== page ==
Education System: There are presently 1,282 higher education institutions in the country, broken down into: 98 state universities and colleges, 105 Commission on Higher Education (CHED)-supervised institutions, 35 local universities and colleges, 14 other government schools, and 1,030 private institutions. State universities and colleges (SUCs) are institutions funded by the national government. They have their own charters and are thus autonomous from CHED. CHED-supervised institutions are non-chartered colleges, directly under the supervision of CHED and whose annual budget allocation is integrated in the government budget appropriation for CHED. Local universities and colleges previously called community colleges are those operated, supported and maintained by local government units. In addition, there are other government schools offering bachelor's degrees and/or graduate degrees and advanced training such as military and police academies which are supervised and regulated by the Department of National Defense and Philippine National Police. Private institutions, on the other hand, are owned and administered by private individuals, groups or corporations. These are classified either as sectarian or non-sectarian colleges and universities. Sectarian schools are usually non-stock, non-profit institutions, owned and operated by religious orders. Non-sectarian schools are owned by private corporations which are not affiliated to any religious organizations, majority are stock, a few are non-stock, non-profit corporations, and a number are foundations. The CHED oversees the higher education system. It is an agency attached to the Office of the President of the Philippines for administrative purposes. CHED is responsible for administering and supervising both public and private higher education institutions in the Philippines. Higher education institutions establish and maintain their own internal organization. The framework of their organization is generally divided into two areas, namely: policy formulation and policy implementation. The formulation and/or approval of all policies, rules and standards in the school is the main function of the Governing Board. The implementation of policies and the management of the school operations are vested in the administration headed by the President.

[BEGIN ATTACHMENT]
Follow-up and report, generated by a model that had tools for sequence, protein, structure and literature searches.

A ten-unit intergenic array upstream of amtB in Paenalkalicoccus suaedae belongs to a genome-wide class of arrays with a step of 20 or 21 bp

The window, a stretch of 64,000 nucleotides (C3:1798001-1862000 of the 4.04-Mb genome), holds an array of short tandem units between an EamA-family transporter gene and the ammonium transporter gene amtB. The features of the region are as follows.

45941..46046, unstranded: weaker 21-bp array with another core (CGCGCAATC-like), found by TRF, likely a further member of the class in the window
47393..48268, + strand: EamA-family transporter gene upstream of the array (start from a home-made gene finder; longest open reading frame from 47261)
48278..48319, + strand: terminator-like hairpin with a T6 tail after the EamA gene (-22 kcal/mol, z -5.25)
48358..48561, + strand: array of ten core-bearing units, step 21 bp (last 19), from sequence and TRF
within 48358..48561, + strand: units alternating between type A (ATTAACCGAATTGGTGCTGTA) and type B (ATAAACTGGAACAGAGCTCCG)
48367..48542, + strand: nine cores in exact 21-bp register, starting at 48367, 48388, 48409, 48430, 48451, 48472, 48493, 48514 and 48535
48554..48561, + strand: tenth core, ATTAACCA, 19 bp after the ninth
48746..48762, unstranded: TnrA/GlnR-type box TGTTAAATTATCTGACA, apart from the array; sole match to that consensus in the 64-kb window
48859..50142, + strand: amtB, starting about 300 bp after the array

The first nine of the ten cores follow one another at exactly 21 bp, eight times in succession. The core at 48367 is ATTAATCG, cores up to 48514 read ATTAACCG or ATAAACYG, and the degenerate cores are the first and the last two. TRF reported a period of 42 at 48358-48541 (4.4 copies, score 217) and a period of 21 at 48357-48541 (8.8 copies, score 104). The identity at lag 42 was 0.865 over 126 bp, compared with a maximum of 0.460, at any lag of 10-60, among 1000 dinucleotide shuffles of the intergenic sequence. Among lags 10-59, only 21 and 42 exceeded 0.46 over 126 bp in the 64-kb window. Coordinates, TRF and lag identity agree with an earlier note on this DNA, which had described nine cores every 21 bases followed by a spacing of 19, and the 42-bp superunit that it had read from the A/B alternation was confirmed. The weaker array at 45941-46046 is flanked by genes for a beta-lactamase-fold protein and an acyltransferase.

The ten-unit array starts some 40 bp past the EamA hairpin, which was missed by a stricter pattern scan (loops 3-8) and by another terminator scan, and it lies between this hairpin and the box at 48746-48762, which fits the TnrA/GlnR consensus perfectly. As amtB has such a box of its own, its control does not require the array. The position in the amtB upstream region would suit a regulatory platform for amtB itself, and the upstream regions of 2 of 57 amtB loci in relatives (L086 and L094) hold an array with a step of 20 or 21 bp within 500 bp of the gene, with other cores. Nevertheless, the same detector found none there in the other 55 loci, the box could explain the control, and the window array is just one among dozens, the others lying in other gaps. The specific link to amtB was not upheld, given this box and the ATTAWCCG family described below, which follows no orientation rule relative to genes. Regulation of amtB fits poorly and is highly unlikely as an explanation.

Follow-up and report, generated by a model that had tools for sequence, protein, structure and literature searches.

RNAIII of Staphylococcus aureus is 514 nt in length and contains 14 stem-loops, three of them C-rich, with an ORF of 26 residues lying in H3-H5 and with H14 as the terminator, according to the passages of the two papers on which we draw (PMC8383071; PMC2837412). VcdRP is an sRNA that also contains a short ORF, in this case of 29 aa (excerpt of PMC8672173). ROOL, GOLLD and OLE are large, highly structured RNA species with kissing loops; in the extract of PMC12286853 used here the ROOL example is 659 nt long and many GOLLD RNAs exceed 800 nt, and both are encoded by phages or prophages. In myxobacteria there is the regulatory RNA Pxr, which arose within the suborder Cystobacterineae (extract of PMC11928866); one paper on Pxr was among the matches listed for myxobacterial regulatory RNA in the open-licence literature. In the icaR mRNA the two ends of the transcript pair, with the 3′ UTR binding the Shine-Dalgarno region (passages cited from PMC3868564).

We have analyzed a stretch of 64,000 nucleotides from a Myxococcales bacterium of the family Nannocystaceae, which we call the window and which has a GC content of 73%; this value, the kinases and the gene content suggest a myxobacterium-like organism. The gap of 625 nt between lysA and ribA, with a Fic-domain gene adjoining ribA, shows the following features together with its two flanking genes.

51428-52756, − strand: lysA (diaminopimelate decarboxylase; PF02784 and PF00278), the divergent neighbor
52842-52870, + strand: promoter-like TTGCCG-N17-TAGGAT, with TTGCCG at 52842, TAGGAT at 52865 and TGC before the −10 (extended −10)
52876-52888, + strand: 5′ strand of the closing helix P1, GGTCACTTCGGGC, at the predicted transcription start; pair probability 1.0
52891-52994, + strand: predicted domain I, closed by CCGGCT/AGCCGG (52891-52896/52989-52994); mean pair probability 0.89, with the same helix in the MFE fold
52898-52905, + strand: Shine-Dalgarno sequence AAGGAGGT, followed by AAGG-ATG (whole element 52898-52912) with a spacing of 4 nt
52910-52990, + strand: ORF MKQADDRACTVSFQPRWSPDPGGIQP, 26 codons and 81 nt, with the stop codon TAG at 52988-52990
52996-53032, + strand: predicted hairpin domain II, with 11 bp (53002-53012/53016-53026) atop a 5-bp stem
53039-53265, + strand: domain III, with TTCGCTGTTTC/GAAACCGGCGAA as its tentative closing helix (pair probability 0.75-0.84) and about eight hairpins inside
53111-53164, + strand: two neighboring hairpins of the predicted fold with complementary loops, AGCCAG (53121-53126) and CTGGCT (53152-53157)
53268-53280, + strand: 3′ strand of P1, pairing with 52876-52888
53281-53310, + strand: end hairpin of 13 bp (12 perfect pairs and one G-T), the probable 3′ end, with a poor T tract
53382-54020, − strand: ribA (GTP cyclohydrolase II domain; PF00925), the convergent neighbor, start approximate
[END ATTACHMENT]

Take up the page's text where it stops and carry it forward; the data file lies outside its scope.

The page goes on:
Singapore